New Delhi, July 26 : How has the Indian letterform, specifically Devanagari script, evolved from its earliest stone engraving? A new digital exhibition surveys the journey of Devanagari from stone pillars to digital screens.
Titled "Fontwala: Stone to mobile, what remains?", the show is by calligrapher and typographer Rajeev Prakash Khare and theatre artiste Shubhra Prakash. It will open at the Kaleidoscope Digital Art gallery, Triveni Kala Sangam, from Saturday.
The show investigates what is lost and what remains from times when legacies were written in stone and metal to now, when the letterform of the Indian languages have found a presence on various technical mediums.
"Indian letterforms were labelled as 'complex' scripts until the arrival of Unicode that enabled their development in digital mode," a note on the exhibition says.
As technology changed from printing press to digitisation for computers to mobile screens, scripts other than the Roman needed constant upgrading so native speakers and writers could continue using it.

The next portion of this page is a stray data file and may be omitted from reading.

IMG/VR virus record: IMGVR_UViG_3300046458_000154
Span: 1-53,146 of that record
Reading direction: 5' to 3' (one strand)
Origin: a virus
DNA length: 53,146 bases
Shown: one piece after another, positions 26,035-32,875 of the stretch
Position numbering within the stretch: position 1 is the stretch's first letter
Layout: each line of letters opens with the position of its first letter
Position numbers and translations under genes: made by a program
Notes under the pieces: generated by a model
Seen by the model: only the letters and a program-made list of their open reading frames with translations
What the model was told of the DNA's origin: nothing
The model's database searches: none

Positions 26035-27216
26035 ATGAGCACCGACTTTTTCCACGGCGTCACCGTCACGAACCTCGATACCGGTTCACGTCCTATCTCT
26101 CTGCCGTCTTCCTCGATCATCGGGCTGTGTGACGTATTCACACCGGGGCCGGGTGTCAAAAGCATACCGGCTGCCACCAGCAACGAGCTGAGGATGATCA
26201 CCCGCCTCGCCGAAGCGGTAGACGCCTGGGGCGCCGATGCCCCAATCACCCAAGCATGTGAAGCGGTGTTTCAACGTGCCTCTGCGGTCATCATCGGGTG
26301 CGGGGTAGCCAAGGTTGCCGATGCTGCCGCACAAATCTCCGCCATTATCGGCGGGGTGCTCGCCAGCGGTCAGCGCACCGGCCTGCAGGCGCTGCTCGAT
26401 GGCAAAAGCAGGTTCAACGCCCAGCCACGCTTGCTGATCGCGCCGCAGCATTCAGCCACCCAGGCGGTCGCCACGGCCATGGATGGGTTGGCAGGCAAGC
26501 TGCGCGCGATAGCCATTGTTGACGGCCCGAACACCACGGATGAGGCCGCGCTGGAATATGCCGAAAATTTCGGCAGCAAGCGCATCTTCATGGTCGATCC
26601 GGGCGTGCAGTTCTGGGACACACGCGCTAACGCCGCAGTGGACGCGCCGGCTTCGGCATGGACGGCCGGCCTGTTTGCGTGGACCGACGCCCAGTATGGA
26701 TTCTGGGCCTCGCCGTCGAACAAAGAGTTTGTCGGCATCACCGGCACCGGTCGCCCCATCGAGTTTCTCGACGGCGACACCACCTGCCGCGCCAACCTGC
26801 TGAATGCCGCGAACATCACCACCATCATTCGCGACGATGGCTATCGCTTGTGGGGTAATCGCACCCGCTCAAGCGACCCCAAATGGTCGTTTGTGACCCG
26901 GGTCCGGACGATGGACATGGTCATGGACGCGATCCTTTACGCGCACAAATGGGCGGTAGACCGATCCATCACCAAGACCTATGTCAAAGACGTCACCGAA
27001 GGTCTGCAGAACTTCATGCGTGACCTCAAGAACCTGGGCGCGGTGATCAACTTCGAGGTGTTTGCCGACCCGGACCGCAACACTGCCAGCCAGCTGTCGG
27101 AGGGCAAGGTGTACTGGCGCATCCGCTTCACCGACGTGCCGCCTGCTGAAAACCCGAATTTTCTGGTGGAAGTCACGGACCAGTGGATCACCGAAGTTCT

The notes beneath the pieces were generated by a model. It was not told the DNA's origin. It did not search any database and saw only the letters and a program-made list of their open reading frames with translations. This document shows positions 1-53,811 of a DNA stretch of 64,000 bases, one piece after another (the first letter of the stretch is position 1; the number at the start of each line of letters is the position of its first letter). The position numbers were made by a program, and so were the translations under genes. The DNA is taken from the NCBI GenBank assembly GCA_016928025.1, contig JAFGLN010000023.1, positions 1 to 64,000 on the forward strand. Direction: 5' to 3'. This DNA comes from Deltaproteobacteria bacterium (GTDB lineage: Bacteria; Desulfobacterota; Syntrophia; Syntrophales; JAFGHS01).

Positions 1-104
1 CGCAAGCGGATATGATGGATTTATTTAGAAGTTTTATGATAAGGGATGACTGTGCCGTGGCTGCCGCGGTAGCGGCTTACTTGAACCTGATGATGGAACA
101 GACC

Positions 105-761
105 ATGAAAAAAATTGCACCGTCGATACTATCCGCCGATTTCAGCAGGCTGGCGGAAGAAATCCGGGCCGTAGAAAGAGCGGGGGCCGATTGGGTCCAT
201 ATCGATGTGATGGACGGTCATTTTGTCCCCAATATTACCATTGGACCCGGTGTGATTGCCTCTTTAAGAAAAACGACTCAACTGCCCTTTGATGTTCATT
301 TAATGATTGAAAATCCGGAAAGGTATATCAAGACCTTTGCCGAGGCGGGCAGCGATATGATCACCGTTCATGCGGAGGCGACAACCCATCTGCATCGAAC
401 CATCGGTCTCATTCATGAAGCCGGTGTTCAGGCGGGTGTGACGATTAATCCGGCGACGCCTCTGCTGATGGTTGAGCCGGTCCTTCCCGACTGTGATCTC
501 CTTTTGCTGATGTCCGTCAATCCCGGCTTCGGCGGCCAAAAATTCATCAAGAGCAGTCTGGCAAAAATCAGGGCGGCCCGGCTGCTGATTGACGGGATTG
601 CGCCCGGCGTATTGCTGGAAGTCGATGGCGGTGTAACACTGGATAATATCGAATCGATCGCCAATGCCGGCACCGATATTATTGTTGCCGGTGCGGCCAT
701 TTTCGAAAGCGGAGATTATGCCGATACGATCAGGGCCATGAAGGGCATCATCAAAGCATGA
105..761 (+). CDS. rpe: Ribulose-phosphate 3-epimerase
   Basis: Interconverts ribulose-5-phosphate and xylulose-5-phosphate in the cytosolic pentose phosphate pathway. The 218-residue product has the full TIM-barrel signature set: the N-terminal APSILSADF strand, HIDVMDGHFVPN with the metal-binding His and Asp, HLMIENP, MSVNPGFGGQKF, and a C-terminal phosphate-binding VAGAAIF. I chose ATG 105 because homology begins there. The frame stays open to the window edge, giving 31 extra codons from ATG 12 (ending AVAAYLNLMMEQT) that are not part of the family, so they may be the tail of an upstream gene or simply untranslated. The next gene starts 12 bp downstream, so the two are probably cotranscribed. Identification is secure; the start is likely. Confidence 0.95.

The transition of something seen on stone artefacts to digital easy-to-type fonts required lifelong efforts by typeface pioneers -- one of them being Khare, who designed his first Hindi font for Dot Matrix Printer during his masters' studies and went on to design IDC Rajeev Normal Hindi font for laser printer.
The show's seven videos present the development of Devanagari from Brahimi scripts and its evolving mediums - stone pillars to digital screens.
"Through Fontwala, the audience gets a glimpse in the continuity between Devanagari and Brahimi scripts. One also gets to see the ornamental beauty of the script... The show offers a pause into challenges and dedication of Khare and other typeface pioneers," gallery curator Mukta Ahluwalia said in a statement on the show.
The artists also unravel the embryonic interconnection of all 'akshars' (letters) and the inherent beauty of the script with its 'maatras' and other accents.
The show runs from July 27 to August 17.